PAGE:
Know yourself, know your body: who you are when are simply yourself, when you are moving, when you find your own personal flow…


Next week’s post in the series: Harvesting the Light


This week’s recipe: Light and delicious for a body ready for for boosting!

Important: Debbie is selecting recipes with combinations of ingredients to inspire your cooking regimes, but while they are healthier choices in general, they will not address individual issues. You MUST make sure that all ingredients you use are compatible with your own individual medical conditions, medications, allergies and goals.

Thai Green Curry With A Savoury Mango Salad

RECIPE BY SAMMY HAMILTON at honestlyhealthyfood.com



Organic Ingredients

2 cups brown rice, rinsed

4 tbsp pumpkin seeds

1 white onion, roughly chopped

4 cloves garlic

Salt and Pepper, to taste

3 tsp crushed ginger*

5 tsp lemongrass paste*

2 kaffir lime leaves*

3 large green chillies, roughly chopped with seeds

1 handful fresh coriander leaves

1 tin coconut milk*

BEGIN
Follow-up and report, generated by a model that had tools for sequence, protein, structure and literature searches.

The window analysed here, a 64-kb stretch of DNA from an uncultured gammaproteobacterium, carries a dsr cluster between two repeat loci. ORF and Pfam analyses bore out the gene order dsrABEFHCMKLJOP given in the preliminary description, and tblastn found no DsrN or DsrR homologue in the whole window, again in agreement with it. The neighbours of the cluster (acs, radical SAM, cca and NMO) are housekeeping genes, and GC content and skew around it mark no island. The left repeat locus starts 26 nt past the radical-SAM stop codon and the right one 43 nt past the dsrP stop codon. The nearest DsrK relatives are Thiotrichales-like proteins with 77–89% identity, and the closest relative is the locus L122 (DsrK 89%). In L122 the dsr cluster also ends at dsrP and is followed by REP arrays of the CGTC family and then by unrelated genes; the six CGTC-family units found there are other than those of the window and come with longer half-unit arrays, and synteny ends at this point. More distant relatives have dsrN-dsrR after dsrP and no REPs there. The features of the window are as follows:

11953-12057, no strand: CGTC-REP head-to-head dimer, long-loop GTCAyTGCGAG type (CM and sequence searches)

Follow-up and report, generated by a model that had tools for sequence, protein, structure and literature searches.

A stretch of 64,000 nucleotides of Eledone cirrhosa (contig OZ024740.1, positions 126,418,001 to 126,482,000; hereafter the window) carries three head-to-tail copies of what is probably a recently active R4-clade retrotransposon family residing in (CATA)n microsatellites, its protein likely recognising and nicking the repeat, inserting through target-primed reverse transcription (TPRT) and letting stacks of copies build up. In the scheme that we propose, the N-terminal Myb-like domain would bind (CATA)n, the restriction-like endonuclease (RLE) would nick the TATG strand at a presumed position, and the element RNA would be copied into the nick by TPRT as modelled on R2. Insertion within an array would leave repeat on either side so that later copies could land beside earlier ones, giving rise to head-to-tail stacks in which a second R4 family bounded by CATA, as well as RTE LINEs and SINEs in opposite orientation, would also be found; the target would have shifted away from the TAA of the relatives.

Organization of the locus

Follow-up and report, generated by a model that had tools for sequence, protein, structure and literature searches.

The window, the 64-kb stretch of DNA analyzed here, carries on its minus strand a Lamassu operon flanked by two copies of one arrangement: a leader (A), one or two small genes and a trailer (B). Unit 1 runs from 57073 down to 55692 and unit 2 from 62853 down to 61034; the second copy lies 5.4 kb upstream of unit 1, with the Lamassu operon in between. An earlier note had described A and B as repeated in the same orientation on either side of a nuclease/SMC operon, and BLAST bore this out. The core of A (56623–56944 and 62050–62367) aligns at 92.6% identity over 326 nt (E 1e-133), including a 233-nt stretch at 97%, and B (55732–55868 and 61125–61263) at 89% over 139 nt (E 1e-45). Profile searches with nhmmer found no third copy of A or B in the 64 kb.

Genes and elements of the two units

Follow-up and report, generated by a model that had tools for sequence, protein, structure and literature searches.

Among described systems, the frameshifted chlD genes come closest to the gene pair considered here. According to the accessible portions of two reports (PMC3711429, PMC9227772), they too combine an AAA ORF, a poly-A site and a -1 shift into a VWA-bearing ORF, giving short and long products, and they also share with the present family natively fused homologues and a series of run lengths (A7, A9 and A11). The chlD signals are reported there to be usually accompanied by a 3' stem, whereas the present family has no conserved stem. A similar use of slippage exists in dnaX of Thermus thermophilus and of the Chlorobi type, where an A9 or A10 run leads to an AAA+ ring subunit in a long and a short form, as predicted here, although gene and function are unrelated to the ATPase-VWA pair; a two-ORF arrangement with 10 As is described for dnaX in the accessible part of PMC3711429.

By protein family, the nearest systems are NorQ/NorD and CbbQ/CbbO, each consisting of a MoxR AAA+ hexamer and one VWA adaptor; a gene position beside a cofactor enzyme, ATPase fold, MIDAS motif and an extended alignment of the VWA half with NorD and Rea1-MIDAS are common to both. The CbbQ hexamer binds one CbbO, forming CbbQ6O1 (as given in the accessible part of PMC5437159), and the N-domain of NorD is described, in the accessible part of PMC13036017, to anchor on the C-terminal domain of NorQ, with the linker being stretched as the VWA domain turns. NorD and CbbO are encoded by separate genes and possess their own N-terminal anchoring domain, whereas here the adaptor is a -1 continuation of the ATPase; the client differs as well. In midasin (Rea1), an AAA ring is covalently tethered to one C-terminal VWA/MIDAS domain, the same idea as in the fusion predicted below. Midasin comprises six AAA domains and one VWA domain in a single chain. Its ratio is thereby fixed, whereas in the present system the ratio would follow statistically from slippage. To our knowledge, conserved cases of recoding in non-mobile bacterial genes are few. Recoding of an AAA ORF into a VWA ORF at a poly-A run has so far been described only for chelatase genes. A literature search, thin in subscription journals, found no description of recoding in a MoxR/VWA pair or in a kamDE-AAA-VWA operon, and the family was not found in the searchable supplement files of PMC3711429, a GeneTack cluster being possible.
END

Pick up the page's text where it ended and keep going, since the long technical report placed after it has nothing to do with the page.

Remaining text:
½ juice and zest of lime

1tsp coconut oil

200g chestnut mushrooms, sliced

100g mange tout

50g green beans

1 green pepper, sliced

100g kales, chopped

1 mango, diced

2 tsp dried chilli flakes

1 red chilli sliced, for garnish (optional)


Add the rice to a pot with 4 cups of cold water, cover with a lid and bring to the boil. When boiling, reduce heat to a simmer until all water has been absorbed.

Meanwhile, to make the curry paste, blitz half the pumpkin seeds in a blender to a meal consistency. Add the onion, garlic, salt, pepper, ginger, lemongrass paste, kaffir lime leaves, green chillies, coriander, lime juice, zest and coconut solids and blend until smooth. If it’s too thick, add a little more lime juice to taste or a little of the coconut water (save remaining coconut water to one side for later).

In a frying pan/wok, add the coconut oil, mushrooms, green beans, mange tout and pepper, fry for 2-3 minutes. Add the Thai green curry paste and fry for a further 2 minutes before adding the remaining coconut water. Keep on a medium heat for 5 minutes. If the consistency is too thick, add a little water to loosen, 1 tbsp at a time.